Macmillan, (Maurice) Harold, 1st earl of Stockton

The Columbia Encyclopedia, 6th ed.

Macmillan, (Maurice) Harold, 1st earl of Stockton

(Maurice) Harold Macmillan, 1st earl of Stockton, 1894–1986, British statesman. A descendant of the founder of the publishing house of Macmillan and Company, he was educated at Eton and at Oxford and served in World War I. He entered Parliament in 1924 as a Conservative. Throughout the 1930s he was an advocate of social and economic reforms and an outspoken critic of the government's policy of appeasement. When sanctions against Italy were abandoned in 1936, he voted against his party leaders and sat for a year as an independent. He held several government posts during World War II, including minister resident in N Africa. He was minister of housing and local government (1951–54), minister of defense (1954–55), and chancellor of the exchequer (1955–57). In 1957 he succeeded Sir Anthony Eden as prime minister. He restored close Anglo-American relations, damaged by the Suez Canal crisis, and attempted to establish a firmer basis for East-West negotiations by making personal appeals to Moscow and Washington. He also strove for the admission of Great Britain to the European Economic Community (Common Market) but met with the opposition of French President de Gaulle. In the 1959 election, Macmillan told the country, "You've never had it so good," pointing to the full employment and substantial rise in real earnings of the 1950s, and he and his party won a landslide victory. However, by 1961 balance of payments difficulties had forced the government to introduce an austerity program. Macmillan accelerated Britain's decolonization, especially in Africa. In a memorable speech to the South African parliament in 1960, he said the "winds of change" were sweeping across Africa. His government suffered a series of scandals; the most famous was the Profumo scandal. He resigned the prime ministership in 1963 and in 1964 retired from Parliament. Macmillan served as chancellor (1960–86) of the Univ. of Oxford and as chairman (1963–74) of the Macmillan publishing house. He accepted an earldom in 1984.

See his memoirs (6 vol., 1966–73); biographies by N. Fisher (1982) and A. Horne (2 vol., 1988–89).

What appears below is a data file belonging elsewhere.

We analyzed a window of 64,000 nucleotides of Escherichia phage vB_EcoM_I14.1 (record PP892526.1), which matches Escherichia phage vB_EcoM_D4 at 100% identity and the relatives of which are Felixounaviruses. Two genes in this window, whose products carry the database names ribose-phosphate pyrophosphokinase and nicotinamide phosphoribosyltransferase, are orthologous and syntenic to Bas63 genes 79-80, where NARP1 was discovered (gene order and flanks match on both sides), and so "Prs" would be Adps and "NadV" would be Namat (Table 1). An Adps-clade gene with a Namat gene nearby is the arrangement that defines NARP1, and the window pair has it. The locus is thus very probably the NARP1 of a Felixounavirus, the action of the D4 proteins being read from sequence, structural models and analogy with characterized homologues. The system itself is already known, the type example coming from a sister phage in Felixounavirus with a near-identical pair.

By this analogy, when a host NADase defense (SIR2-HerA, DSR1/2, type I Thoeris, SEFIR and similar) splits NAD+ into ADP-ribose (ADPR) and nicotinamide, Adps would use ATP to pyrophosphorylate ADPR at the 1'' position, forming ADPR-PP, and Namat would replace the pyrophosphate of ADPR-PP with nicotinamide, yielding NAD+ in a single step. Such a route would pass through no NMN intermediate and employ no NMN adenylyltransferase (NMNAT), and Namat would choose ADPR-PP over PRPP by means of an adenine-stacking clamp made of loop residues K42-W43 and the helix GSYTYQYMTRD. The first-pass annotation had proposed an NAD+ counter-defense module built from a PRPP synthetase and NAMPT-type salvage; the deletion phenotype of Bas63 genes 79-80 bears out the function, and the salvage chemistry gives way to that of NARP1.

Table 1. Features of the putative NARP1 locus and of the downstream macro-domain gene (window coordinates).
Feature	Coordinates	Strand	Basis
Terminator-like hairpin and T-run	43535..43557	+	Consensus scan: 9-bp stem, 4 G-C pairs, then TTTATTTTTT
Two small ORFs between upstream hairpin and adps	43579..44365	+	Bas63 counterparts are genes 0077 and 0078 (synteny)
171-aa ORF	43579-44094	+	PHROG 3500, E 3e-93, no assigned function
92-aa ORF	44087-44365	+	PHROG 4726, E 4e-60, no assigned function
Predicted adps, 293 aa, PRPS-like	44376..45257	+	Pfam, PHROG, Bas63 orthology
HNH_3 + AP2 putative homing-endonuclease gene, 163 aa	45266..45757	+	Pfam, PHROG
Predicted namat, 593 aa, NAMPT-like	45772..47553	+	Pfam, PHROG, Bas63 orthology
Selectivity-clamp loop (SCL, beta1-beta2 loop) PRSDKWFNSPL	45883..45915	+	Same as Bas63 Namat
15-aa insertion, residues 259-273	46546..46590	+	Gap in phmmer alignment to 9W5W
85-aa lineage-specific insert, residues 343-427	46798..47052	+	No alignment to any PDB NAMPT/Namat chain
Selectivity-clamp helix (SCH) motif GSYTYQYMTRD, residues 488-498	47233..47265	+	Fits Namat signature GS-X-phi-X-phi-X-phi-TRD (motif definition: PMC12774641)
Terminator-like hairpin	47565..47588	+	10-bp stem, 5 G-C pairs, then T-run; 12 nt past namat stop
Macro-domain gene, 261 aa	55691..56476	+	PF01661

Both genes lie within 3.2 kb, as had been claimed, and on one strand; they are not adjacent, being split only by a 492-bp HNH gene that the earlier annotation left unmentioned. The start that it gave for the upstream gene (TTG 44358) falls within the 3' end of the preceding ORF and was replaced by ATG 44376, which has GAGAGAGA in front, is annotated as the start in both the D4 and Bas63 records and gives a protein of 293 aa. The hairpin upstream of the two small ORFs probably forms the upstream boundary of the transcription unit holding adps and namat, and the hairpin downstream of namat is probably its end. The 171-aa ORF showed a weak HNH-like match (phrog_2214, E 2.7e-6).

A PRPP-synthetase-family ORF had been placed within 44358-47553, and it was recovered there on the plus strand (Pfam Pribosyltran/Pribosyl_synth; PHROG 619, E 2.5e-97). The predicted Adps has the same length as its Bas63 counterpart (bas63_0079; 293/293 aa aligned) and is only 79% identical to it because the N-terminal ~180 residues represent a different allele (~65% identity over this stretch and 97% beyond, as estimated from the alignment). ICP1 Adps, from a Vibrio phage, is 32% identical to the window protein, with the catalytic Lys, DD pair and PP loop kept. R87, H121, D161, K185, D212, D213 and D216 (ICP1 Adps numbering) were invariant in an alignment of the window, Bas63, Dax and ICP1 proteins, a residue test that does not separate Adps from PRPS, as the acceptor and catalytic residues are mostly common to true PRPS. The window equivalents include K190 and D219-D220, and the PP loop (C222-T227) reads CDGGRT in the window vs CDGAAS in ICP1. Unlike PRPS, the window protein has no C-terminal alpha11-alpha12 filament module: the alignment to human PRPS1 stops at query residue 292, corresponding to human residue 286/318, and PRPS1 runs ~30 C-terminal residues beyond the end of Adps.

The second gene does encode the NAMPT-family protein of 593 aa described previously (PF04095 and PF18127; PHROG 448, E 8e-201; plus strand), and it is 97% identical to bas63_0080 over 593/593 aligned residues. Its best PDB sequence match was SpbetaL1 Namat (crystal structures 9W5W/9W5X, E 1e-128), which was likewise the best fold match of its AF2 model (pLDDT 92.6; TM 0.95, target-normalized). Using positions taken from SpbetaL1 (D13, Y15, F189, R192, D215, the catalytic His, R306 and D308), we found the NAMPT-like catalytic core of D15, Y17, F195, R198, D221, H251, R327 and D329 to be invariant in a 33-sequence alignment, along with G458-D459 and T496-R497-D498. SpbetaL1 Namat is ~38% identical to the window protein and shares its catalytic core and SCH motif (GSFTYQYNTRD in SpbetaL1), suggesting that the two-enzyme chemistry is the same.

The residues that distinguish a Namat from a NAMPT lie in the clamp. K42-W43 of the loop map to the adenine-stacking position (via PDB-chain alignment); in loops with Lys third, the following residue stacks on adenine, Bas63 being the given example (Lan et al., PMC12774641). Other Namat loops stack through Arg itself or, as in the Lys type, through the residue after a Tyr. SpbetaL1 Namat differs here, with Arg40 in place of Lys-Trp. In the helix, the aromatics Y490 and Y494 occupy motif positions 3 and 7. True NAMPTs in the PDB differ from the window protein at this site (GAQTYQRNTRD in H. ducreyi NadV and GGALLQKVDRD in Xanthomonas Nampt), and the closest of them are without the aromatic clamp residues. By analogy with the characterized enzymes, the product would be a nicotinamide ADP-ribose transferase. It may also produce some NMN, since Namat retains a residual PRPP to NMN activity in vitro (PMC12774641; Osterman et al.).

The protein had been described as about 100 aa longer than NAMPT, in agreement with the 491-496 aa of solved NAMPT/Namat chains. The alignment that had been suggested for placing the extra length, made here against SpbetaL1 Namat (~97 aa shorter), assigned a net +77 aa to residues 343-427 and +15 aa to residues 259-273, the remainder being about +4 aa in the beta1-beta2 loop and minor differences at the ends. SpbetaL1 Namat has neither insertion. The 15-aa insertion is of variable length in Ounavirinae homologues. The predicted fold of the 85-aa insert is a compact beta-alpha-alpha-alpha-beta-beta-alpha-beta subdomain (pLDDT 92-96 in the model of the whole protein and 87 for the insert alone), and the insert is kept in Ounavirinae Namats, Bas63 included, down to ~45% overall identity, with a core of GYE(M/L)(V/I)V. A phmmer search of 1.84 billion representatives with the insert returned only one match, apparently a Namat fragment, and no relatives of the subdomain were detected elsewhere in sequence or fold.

Notes for this article

Add a new note
If you are trying to select text to create highlights or citations, remember that you must now click or tap on the first word, and then click or tap on the last word.
One moment ...
Default project is now your active project.
Project items

Items saved from this article

This article has been saved
Highlights (0)
Some of your highlights are legacy items.

Highlights saved before July 30, 2012 will not be displayed on their respective source pages.

You can easily re-create the highlights by opening the book page or article, selecting the text, and clicking “Highlight.”

Citations (0)
Some of your citations are legacy items.

Any citation created before July 30, 2012 will labeled as a “Cited page.” New citations will be saved as cited passages, pages or articles.

We also added the ability to view new citations from your projects or the book or article where you created them.

Notes (0)
Bookmarks (0)

You have no saved items from this article

Project items include:
  • Saved book/article
  • Highlights
  • Quotes/citations
  • Notes
  • Bookmarks
Notes
Cite this article

Cited article

Style
Citations are available only to our active members.
Sign up now to cite pages or passages in MLA, APA and Chicago citation styles.

(Einhorn, 1992, p. 25)

(Einhorn 25)

1

1. Lois J. Einhorn, Abraham Lincoln, the Orator: Penetrating the Lincoln Legend (Westport, CT: Greenwood Press, 1992), 25, http://www.questia.com/read/27419298.

Cited article

Macmillan, (Maurice) Harold, 1st earl of Stockton
Settings

Settings

Typeface
Text size Smaller Larger Reset View mode
Search within

Search within this article

Look up

Look up a word

  • Dictionary
  • Thesaurus
Please submit a word or phrase above.
Print this page

Print this page

Why can't I print more than one page at a time?

Full screen

matching results for page

Cited passage

Style
Citations are available only to our active members.
Sign up now to cite pages or passages in MLA, APA and Chicago citation styles.

"Portraying himself as an honest, ordinary person helped Lincoln identify with his audiences." (Einhorn, 1992, p. 25).

"Portraying himself as an honest, ordinary person helped Lincoln identify with his audiences." (Einhorn 25)

"Portraying himself as an honest, ordinary person helped Lincoln identify with his audiences."1

1. Lois J. Einhorn, Abraham Lincoln, the Orator: Penetrating the Lincoln Legend (Westport, CT: Greenwood Press, 1992), 25, http://www.questia.com/read/27419298.

Cited passage

Welcome to the new Questia Reader

The Questia Reader has been updated to provide you with an even better online reading experience.  It is now 100% Responsive, which means you can read our books and articles on any sized device you wish.  All of your favorite tools like notes, highlights, and citations are still here, but the way you select text has been updated to be easier to use, especially on touchscreen devices.  Here's how:

1. Click or tap the first word you want to select.
2. Click or tap the last word you want to select.

OK, got it!

Thanks for trying Questia!

Please continue trying out our research tools, but please note, full functionality is available only to our active members.

Your work will be lost once you leave this Web page.

For full access in an ad-free environment, sign up now for a FREE, 1-day trial.

Already a member? Log in now.